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Senate finally moves to confirm Loretta Lynch as attorney general

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The U.S. Senate on Thursday voted to limit debate on the nomination of Loretta Lynch to become President Barack Obama’s next attorney general in a procedural move intended to end a five-month deadlock that made her wait longer for confirmation than the last seven attorneys general combined.

If confirmed as expected, Lynch would be the first black woman to become the top U.S. law enforcement official.

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She has awaited confirmation since November when Obama, a fellow Harvard Law School graduate, nominated her to replace Eric Holder. He was expected to step aside early next week so Lynch can take over as head of the U.S. Justice Department.

Despite the delay, Lynch was widely seen as less controversial than Holder, who often clashed with Republicans. She has said she aims to smooth relations with Congress.

As attorney general, her earliest tests would likely include handling civil rights cases stemming from deadly altercations between police and unarmed black men in several U.S. cities. The Justice Department has said it will look into bringing civil rights charges over the death of a Baltimore man who died after sustaining a spinal cord injury while in police custody.

Lynch would also inherit major financial cases involving allegations that some of the world’s largest banks manipulated the currency markets and the Libor benchmark interest rate.

Her nomination was backed by the Senate’s Judiciary Committee by a vote of 12-8 on Feb. 26. But her confirmation has languished over an impasse in the Republican-led Senate on an unrelated bill meant to protect human trafficking victims.

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Democrats had balked at an anti-abortion provision included in the human trafficking bill, but that dispute was settled on Tuesday and the bill was approved on Wednesday.

An accomplished career prosecutor, Lynch has twice served as U.S. attorney in Brooklyn, New York, most recently since 2010. Her office there handled more terrorism prosecutions than most other offices in the United States. For two years, she also has led a committee that advised the attorney general on policy.

At a Senate confirmation hearing on Jan. 28, Lynch said that her top priorities would include fighting terrorist threats and cyber crime, and improving relations between law enforcement and minority communities.

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(Reporting by Lindsay Dunsmuir, Julia Edwards and Richard Cowan; Editing by Kevin Drawbaugh and James Dalgleish)


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World virus cases top 6 million as leaders disagree on pandemic response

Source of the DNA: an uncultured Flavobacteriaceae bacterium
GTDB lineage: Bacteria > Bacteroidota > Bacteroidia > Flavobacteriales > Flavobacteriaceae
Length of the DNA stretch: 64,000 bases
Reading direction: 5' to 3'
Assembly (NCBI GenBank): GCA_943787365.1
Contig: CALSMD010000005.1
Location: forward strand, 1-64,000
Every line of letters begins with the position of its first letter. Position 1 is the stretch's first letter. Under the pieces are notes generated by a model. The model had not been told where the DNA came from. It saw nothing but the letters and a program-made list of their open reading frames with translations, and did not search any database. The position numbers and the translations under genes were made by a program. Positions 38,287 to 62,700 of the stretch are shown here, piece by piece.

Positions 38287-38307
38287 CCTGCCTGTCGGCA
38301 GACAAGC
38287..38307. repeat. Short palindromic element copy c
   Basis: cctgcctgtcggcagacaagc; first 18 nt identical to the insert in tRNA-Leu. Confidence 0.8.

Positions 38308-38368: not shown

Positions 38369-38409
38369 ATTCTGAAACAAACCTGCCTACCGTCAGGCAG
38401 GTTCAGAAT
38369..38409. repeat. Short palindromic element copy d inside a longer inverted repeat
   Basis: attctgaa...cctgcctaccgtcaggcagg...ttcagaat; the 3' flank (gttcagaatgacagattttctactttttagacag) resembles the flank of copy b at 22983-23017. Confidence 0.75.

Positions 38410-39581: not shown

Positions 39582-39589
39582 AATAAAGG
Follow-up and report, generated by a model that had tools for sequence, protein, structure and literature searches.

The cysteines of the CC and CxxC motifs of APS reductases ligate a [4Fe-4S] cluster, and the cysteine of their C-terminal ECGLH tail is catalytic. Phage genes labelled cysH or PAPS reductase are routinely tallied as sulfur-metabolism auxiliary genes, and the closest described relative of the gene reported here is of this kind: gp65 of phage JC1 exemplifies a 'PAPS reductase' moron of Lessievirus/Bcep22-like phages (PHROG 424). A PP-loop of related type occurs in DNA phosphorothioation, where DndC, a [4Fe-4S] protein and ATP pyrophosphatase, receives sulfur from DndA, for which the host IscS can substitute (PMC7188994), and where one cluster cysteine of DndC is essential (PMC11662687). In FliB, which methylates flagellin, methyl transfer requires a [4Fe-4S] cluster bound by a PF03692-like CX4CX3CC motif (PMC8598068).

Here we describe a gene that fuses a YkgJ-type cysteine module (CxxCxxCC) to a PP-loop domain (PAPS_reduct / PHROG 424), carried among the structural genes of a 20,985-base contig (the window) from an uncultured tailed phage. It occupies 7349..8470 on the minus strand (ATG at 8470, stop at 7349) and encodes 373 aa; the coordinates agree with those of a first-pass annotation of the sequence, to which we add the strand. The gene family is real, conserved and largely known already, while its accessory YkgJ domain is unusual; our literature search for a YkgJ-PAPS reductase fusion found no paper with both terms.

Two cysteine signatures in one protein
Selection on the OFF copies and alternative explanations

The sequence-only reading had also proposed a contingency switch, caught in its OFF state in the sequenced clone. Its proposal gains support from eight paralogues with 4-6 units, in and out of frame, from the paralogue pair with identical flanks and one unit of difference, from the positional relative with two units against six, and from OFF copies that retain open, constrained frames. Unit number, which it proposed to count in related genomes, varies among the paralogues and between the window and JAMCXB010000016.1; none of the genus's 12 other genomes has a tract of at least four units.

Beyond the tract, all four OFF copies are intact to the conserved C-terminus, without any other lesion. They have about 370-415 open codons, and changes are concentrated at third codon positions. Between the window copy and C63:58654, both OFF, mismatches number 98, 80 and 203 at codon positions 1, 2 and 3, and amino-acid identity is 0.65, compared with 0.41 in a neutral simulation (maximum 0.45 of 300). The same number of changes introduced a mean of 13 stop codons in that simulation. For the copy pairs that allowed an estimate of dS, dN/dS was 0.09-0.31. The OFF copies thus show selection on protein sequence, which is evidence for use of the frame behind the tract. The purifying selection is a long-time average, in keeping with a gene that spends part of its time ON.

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The number of coronavirus cases worldwide topped six million Sunday, with Brazil registering another record surge in daily infections as divisions deepened on how to deal with the pandemic.

Latin American countries are bracing for difficult weeks ahead as the disease spreads rapidly across the region, even as much of the world exits lockdowns that have wrecked economies and stripped millions of their jobs.

In Brazil -- the epicenter of South America's outbreak with nearly 500,000 confirmed cases, lagging only behind the United States -- disagreement among leaders over lockdown measures has hampered efforts to slow the virus as the number of fatalities in the country nears 30,000.

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Curfews and clashes as police brutality protests escalate

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Curfews were imposed on major US cities as clashes over police brutality erupted across America with demonstrators ignoring warnings from President Donald Trump that his government would stop the violent protests "cold."

Minneapolis, the epicenter of the unrest, was gripped by a fifth consecutive night of violence on Saturday with police in riot gear firing tear gas and stun grenades at protesters venting fury at the death of George Floyd, an unarmed black man, during an arrest in the city on Monday.

Los Angeles, Chicago and Atlanta were among two dozen cities ordering people to stay indoors overnight as more states called in National Guard soldiers to help control the civil unrest not seen in the United States for years.

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‘Insanity outside the White House’: After Trump stokes tensions, fresh clashes between police and protesters

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As protests against police violence and the killing of George Floyd continued in cities across the U.S. on Saturday, a massive crowd gathered outside President Donald Trump's White House as demonstrators again turned their ire and demands for justice and healing towards the nation's most powerful elected official. After tensions built, clashes erupted between law enforcement and demonstrators.

Tensions flared near the White House. Not sure what triggered it, all I saw was a blast of pepper spray and a sudden sprint backward. There’s a lot more pressure on the police cordon and they’re pulling out gas masks. pic.twitter.com/X4uCQRzPkw

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